Is preference a predictor of enrichment efficacy in Galapagos tortoises (Chelonoidis nigra)?

Zoo Biol. 2014 Jul-Aug;33(4):275-84. doi: 10.1002/zoo.21151. Epub 2014 Jul 25.


It is widely acknowledged that environmental enrichment plays an important role in promoting the welfare of captive animals. However, a topic of debate is whether an animal's preference for an enrichment strategy is any indicator of its efficacy. In addition, relatively few studies have evaluated environmental enrichment strategies for non-mammalian species. In the present study, we compared the results of an observational evaluation of enrichment efficacy with the results of a paired-stimulus preference assessment for three Galapagos tortoises. In the observational study, object enrichment (boomer balls and a free-flowing sprinkler) and keeper interactions (shell scrubbing and neck rubbing) were evaluated systematically for their effects on locomotion, species-typical behavior, aggressive and non-aggressive conspecific interactions, and enclosure. Preference assessments were subsequently conducted in which subjects could choose the enrichment strategy to be implemented. All subjects preferred keeper interactions consistently over object enrichment. Our results suggest that enrichment preference was a variable predictor of efficacy across enrichment species-typical behavior, activity levels, enclosure use, and aggressive and non-aggressive conspecific interactions strategies. Preference predicted efficacy for promoting species-typical behavior (1/3 subjects), activity levels (2/3 subjects), and enclosure use (2/3 subjects), but not conspecific interactions (0/3 subjects). The results suggest that preference may be an efficient predictor of enrichment efficacy when daily observational evaluations are not practical; however, the predictive utility of preference assessments may depend on the behavioral goal of the enrichment strategy. We discuss the need for future research examining the relationship between preference and enrichment efficacy-as well as other potential indicators of enrichment effectiveness-in captive animals.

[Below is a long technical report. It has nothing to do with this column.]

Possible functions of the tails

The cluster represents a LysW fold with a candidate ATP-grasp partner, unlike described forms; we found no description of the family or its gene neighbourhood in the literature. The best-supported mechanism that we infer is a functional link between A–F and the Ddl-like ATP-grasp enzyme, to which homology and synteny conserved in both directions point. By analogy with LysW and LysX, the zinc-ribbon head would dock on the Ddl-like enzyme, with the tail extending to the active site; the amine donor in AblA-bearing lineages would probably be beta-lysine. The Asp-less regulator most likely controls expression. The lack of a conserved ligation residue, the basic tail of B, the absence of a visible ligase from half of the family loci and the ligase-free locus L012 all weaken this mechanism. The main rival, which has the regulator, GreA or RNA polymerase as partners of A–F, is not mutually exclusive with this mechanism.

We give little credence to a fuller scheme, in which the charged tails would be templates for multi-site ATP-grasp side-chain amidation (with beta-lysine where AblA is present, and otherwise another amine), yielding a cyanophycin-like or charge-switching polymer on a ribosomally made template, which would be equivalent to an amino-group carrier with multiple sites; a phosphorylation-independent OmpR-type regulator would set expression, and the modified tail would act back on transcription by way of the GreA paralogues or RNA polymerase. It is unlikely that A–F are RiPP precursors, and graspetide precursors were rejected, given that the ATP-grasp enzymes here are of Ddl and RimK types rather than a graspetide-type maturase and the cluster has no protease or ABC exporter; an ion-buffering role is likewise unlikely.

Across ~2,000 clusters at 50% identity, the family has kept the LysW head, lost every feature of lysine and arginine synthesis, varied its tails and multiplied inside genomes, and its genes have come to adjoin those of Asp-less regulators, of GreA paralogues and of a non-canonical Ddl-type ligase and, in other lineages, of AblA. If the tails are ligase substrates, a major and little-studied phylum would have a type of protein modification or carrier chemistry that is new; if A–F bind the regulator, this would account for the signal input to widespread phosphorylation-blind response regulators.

Keywords: behavior; enrichment; interactions; keeper; reptiles.

MeSH terms

  • Aggression
  • Animal Husbandry / methods*
  • Animal Welfare*
  • Animals
  • Animals, Zoo*
  • Behavior, Animal / physiology*
  • Choice Behavior / physiology
  • Female
  • Male
  • Observation
  • Social Behavior*
  • Species Specificity
  • Turtles / physiology*